After the IOR came under investigation for allegedly flouting Italy’s money-laundering laws in September 2010, Gotti Tedeschi helped lead a Vatican effort to bring the bank into line with the European Union’s financial-transparency rules. New Holy See legislation binding the Vatican to EU norms went into effect last year.

Vatican officials have been divided over how to interpret the new regulations, according to Holy See documents published in February on the website of Il Fatto Quotidiano newspaper. One group including Bertone argued the rules weren’t retroactive, while Gotti Tedeschi and others believed the Vatican must turn over all relevant information to the Vatican’s new financial authority and Italian prosecutors, the newspaper reported.

Closed Account

In March, Il Sole 24 Ore, Italy’s main financial daily, reported that JPMorgan Chase & Co. (JPM) was closing an account held by the IOR to comply with Italy’s anti-money-laundering rules. The biggest U.S. bank, in a Feb. 15 letter to the IOR, cited a lack of transparency on payments through the IOR’s account in Milan, the newspaper said.

A Bank of Italy inspection last year resulted in a request for information on money transfers at the Vatican bank’s account at JPMorgan’s Italian unit, Il Sole reported. The U.S. State Department on March 7 added the Holy See for the first time to its watch list of nations at risk for money laundering.

Nuzzi, the author, said Gotti Tedeschi had introduced a system of checks on clerical bank accounts that was “unheard of” in the Vatican, with alarms going off on accounts with any movements that exceeded the norm.

“When you try to transform an offshore bank into a more normal bank, naturally you’ll run into resistance,” Nuzzi said by phone yesterday. “Gotti Tedeschi was a victim of his efforts to implement anti-money-laundering norms.”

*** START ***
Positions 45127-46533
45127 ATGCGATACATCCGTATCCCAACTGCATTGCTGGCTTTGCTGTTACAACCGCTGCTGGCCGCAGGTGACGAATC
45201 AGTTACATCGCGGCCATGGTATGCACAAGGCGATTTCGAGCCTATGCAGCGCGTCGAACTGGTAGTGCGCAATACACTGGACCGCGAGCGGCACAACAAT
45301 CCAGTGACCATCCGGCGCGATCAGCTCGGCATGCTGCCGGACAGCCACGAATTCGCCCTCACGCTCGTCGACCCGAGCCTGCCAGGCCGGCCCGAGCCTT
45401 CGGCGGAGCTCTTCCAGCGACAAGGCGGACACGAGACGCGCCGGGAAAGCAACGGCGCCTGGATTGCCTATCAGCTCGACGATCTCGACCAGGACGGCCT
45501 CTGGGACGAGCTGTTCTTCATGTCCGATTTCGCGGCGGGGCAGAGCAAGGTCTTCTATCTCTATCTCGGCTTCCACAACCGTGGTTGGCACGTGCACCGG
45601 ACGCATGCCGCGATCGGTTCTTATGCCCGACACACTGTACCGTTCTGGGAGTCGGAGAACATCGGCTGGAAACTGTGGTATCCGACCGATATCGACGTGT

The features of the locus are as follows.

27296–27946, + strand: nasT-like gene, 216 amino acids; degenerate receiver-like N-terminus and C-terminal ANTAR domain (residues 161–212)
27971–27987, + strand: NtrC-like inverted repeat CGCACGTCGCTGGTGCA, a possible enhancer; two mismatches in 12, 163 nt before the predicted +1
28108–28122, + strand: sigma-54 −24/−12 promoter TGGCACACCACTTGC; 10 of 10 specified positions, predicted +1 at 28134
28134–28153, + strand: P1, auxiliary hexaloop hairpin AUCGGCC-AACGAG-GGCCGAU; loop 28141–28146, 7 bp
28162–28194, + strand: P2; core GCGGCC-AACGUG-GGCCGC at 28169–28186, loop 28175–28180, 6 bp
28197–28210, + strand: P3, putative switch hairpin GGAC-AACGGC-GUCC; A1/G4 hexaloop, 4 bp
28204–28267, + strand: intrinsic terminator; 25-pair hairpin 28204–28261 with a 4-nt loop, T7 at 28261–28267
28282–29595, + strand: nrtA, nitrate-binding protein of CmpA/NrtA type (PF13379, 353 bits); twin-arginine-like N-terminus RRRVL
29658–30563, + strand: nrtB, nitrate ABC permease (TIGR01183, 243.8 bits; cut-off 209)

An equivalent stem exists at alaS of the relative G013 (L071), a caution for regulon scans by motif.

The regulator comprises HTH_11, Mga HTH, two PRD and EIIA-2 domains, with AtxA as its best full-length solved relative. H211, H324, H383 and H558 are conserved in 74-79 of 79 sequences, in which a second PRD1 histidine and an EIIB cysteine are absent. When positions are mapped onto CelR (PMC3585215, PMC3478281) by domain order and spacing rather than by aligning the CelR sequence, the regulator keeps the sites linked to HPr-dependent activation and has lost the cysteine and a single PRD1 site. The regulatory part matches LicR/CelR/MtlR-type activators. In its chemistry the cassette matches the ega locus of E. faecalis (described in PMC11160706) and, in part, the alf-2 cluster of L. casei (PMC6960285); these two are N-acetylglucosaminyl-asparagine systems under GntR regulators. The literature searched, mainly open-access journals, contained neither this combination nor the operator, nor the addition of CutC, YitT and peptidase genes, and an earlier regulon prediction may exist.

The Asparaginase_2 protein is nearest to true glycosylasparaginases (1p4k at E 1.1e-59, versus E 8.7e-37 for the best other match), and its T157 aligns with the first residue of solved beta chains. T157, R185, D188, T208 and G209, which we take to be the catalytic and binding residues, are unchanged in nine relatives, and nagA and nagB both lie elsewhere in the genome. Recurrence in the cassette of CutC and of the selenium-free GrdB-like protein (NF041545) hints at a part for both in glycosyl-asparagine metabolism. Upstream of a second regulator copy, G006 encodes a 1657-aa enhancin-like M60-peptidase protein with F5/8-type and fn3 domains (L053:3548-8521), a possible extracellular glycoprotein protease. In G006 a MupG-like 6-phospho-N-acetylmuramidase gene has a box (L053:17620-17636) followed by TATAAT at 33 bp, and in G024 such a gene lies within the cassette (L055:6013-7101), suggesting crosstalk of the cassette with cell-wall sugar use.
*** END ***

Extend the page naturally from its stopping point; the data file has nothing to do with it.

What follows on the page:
Shortcomings

According to the IOR’s Supervisory Board, Gotti Tedeschi exhibited shortcomings including not attending board meetings and poor communication with its members, lack of prudence in comments about the bank, failure to explain the “dissemination” of documents in his possession and “progressively erratic behavior.” The board made public its criticism in a nine-point statement on May 24.

Carl Anderson, who’s secretary of the board, has denied that Gotti Tedeschi’s dismissal had anything to do with the bank’s transparency efforts. “We confirm our decisive commitment to transparency, which isn’t under discussion,” he told La Stampa in an interview on May 26.

Moneyval, a Council of Europe committee that evaluates anti-money-laundering measures, is due to meet with Vatican officials in July to determine whether the city-state should be put on the EU’s financial-transparency “white list.”

The pope has so far not directly commented on the events of the last week. Buffeted by other crises including a global priestly pedophilia scandal, the pope told faithful in St. Peter’s Square on May 26 that “a wind is shaking the House of God” even as it’s “built on a rock.”

The investigation of the butler and the leaked papers is being overseen by a panel of cardinals “who are continuing their work, carrying out talks within the time required by the investigation,” Lombardi said yesterday. “They won’t let themselves be pressured by the media.”

To contact the reporter on this story: Jeffrey Donovan in Rome at jdonovan26@bloomberg.net

To contact the editor responsible for this story: Craig Stirling at cstirling1@bloomberg.net